Canadian loses U.S. appeal in Syrian torture case
By Christine Kearney
NEW YORK (Reuters) - A Canadian who says he was whisked off a plane in New York and sent illegally to Syria where he was tortured for a year lost his case against the U.S. government on Monday on a technicality.
Maher Arar, a Syrian-born software engineer, sued U.S. government officials in 2004 over his arrest during a 2002 stopover in New York and subsequent deportation to Syria because of suspected links to al Qaeda.
In a case that roiled U.S.-Canada relations, he says he was imprisoned in Syria for a year and tortured.
Arar had argued his constitutional rights were violated when he was confined without access to a lawyer or the courts and then forcibly returned to Syria, where U.S. authorities had reason to believe he would be tortured.
But the U.S. Second Circuit Court of Appeals, affirming a lower court decision, ruled that Arar failed to establish that the federal court had jurisdiction to hear his complaint.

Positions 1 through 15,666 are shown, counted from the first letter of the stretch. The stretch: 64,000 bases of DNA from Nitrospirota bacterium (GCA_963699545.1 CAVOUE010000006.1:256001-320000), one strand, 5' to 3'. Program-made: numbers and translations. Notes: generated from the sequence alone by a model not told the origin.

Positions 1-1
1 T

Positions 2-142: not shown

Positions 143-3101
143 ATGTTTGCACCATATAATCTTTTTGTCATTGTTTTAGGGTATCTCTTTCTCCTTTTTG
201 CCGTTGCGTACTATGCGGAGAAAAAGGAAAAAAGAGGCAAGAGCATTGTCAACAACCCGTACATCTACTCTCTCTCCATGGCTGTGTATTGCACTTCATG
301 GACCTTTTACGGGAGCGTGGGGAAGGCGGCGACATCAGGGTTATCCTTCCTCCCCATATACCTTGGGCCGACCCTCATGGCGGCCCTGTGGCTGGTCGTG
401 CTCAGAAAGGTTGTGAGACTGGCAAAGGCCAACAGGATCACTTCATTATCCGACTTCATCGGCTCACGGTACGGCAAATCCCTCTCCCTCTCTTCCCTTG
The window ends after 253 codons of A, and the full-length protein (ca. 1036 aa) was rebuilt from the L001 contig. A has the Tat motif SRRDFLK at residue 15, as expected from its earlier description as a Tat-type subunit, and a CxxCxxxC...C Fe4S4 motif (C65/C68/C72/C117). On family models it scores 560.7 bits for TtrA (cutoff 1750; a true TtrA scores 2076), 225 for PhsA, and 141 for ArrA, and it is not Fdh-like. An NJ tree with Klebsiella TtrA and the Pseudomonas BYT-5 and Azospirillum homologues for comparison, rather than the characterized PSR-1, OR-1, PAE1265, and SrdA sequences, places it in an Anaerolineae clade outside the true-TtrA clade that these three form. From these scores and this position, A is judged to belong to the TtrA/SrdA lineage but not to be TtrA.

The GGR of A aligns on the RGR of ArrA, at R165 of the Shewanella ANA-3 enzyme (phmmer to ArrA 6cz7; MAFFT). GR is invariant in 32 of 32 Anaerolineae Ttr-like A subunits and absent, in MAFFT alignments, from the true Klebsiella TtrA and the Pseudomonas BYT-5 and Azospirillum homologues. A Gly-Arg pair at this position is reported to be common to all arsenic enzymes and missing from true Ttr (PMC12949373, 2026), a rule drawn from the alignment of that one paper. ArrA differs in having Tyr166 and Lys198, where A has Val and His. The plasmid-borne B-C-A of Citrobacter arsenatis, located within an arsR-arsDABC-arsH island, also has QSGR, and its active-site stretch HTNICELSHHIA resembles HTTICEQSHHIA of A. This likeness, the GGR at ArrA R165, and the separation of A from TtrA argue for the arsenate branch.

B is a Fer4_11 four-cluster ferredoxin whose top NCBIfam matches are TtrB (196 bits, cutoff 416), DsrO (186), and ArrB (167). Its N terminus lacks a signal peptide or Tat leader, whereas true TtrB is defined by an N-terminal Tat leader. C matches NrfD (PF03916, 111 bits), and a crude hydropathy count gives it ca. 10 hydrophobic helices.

"Arar has not adequately established federal subject matter jurisdiction over his request for a judgment declaring that defendants acted illegally by removing him to Syria so that Syrian authorities could interrogate him under torture," the ruling said.
U.S. laws do not permit actions in federal courts against U.S. officials for claims such as Arar's, the first of its kind, the panel of three judges ruled, saying that Congress had not authorized damages for such cases.
Judge Jose Cabranes, writing for the majority, said Arar has no federal standing in the case, which was the basis for the hit Hollywood movie "Rendition." He said the case could not be heard in a federal court because Arar was an inadmissible alien and as such never entered U.S. jurisdiction. Continued...